With the release of its 2022 Hydropower Status Report, the International Hydropower Association has called on governments to accelerate the development of new hydropower capacity or risk missing global net zero targets.
The new report highlights that while 26GW of new hydropower capacity was put into operation in 2021, it is well below the 45GW the International Energy Agency (IEA) says is required to meet net zero goals by 2050 and keep global temperature rises to 1.5°C. The report points out that to keep temperature rises to 2°C would require 30GW annually.
“The 2022 Hydropower Status Report is a stark wake-up call to governments around the world that we are falling short of the progress that is needed,” says IHA Chief Executive Eddie Rich. “We can supercharge the progress firstly by accelerating the development of pumped storage hydropower around the world. Secondly, we need to look towards the immense untapped hydropower potential that exists in many regions of the world, particularly Asia and Africa. Finally, we need to make the most of our existing hydropower fleet by modernising it, as well as integrating hydropower facilities into non-power water infrastructure wherever suitable.
“We have the technology to achieve net zero and the knowledge to deliver it sustainably. All that’s needed is the political will to make it happen.” The development of sustainable hydropower, with its ability to provide both flexible and reliable power, is needed to support the growth of other renewable sources such as wind and solar, and to avoid reverting to the use of fossil fuels, such as coal. Certifying these developments against the Hydropower Sustainability Standard will ensure that any new development is delivered responsibly, and delivers net positive benefits to society and the environment.”
Dr Ashok Khosla, Chair of the Hydropower Sustainability Council said that the need for more energy should be met with low-carbon sources like wind, solar and hydropower, but this should be done with sensitivity to environmental and social concerns.
“The multi-stakeholder Hydropower Sustainability Standard is the internationally recognised benchmark for good practice and should be embedded in the policies of governments and practices of others to ensure that they can move quickly and sustainably to invest in more hydropower, to enable the transition away from fossil fuels,” he said.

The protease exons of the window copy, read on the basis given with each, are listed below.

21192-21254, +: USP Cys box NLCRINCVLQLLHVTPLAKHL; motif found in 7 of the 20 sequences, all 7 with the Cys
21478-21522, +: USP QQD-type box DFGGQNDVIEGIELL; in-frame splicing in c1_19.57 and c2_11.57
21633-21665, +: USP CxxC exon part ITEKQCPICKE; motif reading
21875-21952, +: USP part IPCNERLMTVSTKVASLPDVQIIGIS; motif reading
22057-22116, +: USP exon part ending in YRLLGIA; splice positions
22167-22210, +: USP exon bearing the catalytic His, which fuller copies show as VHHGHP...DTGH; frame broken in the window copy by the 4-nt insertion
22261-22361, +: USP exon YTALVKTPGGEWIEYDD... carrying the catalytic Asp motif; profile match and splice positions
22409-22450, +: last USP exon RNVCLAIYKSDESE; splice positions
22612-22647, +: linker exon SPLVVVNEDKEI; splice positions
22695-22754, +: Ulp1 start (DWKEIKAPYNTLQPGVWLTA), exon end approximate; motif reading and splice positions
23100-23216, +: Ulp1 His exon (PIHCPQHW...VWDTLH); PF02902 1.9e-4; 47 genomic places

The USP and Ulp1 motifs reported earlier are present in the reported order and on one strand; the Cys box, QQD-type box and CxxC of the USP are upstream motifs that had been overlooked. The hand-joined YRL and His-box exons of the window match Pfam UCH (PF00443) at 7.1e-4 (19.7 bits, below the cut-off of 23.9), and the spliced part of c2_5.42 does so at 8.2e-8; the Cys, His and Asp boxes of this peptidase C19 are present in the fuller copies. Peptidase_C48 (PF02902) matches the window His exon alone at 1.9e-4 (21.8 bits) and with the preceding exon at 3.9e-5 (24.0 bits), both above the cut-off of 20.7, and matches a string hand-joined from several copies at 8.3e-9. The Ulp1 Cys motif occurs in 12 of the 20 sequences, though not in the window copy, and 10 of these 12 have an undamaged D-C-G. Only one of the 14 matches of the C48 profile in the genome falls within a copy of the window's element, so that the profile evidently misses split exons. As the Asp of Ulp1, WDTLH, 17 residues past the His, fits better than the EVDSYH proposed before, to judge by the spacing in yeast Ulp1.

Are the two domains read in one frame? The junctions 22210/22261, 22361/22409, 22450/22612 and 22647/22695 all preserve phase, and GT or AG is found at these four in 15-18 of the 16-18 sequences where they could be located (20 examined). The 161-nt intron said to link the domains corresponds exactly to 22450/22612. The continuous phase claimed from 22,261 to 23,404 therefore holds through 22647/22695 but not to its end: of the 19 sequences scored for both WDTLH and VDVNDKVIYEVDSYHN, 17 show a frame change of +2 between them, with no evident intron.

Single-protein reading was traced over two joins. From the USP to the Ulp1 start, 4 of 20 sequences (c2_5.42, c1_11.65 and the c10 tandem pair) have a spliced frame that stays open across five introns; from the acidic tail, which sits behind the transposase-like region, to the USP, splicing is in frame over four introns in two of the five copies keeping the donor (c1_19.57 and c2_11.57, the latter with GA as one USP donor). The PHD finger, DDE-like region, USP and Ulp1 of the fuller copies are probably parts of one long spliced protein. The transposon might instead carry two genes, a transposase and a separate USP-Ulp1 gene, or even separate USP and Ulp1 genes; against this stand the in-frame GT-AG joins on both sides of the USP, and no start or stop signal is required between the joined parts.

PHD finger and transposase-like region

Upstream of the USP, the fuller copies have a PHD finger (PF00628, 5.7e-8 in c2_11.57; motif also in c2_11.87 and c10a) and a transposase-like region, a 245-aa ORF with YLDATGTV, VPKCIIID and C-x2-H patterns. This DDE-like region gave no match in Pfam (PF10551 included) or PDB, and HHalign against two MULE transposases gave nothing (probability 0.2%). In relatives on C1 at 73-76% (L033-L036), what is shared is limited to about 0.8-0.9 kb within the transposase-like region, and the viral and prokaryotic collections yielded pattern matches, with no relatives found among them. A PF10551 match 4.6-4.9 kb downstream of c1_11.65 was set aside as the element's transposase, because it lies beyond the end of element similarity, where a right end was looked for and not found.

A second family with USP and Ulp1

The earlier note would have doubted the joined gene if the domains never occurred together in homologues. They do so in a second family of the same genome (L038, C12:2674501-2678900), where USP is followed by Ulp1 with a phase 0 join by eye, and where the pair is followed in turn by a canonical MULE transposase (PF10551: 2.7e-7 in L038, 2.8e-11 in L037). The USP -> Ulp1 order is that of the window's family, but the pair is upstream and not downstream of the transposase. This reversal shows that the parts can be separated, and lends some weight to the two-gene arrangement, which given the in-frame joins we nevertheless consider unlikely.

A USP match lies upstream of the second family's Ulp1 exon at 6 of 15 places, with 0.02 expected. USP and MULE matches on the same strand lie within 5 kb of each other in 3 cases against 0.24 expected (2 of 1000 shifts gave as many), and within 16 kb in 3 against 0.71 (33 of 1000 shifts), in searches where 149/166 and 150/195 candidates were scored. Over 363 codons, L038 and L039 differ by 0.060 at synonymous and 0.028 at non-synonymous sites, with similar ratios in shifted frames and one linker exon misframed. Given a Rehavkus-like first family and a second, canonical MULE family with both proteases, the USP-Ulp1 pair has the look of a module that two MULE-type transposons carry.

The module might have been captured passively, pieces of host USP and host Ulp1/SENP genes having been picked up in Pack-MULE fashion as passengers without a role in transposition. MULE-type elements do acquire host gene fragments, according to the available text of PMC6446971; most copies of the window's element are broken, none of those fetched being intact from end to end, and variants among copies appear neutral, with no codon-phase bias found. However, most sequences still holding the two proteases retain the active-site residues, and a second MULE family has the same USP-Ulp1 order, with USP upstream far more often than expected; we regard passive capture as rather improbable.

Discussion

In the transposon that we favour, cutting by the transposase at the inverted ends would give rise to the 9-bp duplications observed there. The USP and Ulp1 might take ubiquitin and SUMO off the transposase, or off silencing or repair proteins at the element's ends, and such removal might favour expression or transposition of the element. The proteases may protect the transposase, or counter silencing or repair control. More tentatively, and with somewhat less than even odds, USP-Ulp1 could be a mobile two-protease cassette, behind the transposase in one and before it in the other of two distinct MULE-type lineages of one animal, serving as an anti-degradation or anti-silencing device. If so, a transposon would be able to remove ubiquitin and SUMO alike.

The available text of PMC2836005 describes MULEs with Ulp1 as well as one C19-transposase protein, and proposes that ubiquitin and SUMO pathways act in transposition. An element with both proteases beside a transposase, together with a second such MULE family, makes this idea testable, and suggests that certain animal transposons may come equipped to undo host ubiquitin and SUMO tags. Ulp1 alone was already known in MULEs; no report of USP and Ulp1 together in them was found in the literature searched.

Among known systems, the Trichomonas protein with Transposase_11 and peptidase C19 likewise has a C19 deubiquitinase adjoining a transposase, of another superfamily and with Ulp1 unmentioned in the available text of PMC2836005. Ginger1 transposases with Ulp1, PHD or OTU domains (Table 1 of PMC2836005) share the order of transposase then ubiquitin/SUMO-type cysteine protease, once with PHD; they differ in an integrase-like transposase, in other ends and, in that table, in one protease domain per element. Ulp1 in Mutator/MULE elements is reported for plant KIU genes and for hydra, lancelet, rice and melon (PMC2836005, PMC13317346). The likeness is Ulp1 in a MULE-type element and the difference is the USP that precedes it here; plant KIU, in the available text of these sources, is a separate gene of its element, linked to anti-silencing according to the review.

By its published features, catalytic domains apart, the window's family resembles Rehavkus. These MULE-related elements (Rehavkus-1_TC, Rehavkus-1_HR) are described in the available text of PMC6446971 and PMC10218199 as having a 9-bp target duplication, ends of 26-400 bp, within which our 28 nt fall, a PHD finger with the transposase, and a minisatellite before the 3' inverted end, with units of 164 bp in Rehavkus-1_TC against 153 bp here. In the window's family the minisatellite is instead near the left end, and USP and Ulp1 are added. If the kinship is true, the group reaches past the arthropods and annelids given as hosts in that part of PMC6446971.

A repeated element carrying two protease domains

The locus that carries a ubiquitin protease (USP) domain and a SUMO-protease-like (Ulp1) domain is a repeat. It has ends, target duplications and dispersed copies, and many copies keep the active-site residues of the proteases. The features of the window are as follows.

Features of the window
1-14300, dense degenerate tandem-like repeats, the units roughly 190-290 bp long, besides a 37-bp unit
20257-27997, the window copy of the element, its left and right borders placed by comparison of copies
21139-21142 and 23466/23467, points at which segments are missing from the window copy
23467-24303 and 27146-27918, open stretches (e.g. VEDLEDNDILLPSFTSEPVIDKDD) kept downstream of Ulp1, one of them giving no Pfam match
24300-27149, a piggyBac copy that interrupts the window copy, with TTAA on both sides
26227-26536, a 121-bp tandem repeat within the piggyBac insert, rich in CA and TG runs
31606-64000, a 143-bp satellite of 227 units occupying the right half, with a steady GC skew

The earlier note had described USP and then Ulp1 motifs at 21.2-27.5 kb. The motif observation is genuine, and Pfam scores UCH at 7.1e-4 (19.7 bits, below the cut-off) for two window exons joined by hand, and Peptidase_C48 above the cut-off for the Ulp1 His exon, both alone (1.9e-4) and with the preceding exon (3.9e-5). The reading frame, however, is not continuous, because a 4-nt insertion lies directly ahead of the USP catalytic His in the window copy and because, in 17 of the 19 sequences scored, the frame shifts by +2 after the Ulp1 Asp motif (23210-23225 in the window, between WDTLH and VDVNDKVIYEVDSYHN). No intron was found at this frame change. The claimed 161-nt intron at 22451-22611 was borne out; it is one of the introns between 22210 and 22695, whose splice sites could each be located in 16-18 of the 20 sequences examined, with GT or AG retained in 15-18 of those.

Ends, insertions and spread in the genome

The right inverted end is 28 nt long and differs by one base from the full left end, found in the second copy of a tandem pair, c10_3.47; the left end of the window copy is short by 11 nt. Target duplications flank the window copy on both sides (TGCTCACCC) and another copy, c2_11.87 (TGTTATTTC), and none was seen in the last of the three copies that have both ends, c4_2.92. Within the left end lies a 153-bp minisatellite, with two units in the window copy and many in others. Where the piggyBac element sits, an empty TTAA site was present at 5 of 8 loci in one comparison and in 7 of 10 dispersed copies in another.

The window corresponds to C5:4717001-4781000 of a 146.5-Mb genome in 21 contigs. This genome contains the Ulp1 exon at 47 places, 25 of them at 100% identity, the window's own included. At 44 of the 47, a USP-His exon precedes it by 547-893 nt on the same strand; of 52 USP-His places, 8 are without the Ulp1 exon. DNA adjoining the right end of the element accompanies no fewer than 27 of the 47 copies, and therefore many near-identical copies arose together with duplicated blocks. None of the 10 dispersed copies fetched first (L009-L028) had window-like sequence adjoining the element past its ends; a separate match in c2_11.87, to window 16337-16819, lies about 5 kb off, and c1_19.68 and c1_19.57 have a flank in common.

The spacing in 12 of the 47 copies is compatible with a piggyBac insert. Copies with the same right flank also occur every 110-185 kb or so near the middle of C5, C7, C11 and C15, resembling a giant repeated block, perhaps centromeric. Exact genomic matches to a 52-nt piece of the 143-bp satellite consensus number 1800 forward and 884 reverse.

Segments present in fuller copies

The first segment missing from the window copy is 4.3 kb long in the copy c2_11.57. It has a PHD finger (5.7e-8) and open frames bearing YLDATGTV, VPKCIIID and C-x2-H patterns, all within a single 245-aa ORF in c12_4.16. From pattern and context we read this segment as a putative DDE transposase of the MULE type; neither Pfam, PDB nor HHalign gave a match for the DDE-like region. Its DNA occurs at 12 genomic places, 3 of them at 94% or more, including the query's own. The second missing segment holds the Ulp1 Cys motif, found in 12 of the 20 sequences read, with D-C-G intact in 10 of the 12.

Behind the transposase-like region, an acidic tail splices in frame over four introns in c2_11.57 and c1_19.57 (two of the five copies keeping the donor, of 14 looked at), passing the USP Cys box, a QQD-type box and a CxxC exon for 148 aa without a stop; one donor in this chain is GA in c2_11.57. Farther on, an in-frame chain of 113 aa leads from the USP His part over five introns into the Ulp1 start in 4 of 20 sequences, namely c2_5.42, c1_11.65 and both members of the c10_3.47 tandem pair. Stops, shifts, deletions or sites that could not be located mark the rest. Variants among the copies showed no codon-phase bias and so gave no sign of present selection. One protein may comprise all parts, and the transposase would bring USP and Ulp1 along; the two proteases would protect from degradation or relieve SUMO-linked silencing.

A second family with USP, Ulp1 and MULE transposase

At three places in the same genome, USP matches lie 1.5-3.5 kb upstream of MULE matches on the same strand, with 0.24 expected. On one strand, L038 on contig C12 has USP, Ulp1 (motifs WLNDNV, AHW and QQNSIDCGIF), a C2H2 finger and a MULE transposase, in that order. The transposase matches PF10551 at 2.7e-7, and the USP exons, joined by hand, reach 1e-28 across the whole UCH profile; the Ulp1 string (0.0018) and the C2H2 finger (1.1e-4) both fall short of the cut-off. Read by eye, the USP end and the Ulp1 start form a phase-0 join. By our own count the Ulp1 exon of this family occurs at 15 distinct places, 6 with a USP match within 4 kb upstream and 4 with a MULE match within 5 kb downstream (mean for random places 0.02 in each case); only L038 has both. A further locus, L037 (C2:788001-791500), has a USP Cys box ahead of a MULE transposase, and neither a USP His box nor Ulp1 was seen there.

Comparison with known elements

Erik Solheim, former Executive Director of the UN Environment Programme, added: “IHA’s Hydropower Status Report underlines the urgent need for more sustainable hydropower, to support a successful transition to fully renewable future energy systems. This can’t wait – governments need to heed this call to action, or we all face an uncertain and unstable energy future.”
The report show that China led the way with hydropower development, with around 80% of the new global capacity in 2021 being installed in the country. The country currently has more than 390GW installed, more than three times the next largest country, Brazil.
Notable projects that came online during 2021 include the 824 MW Muskrat Falls Hydroelectric Generating Station, part of the Lower Churchill Project in Canada; the remaining 600 MW of capacity at Lao’s 1,272 MW Nam Ou plant; Nepal’s 456 MW Upper Tamakoshi project; units 3 and 4 of Kameng Hydropower Station in India, adding 300 MW; and a 324 MW unit added at the Dnesiter pumped storage plant in Ukraine, raising the plant’s installed capacity to 1,296 MW.
You can sign up for a free webinar on Thursday 28 July at 11:00 UK time where the IHA will provide further context to the report’s findings, alongside presentations from the IEA and REN21 (Renewable Energy Policy Network for the 21st Century).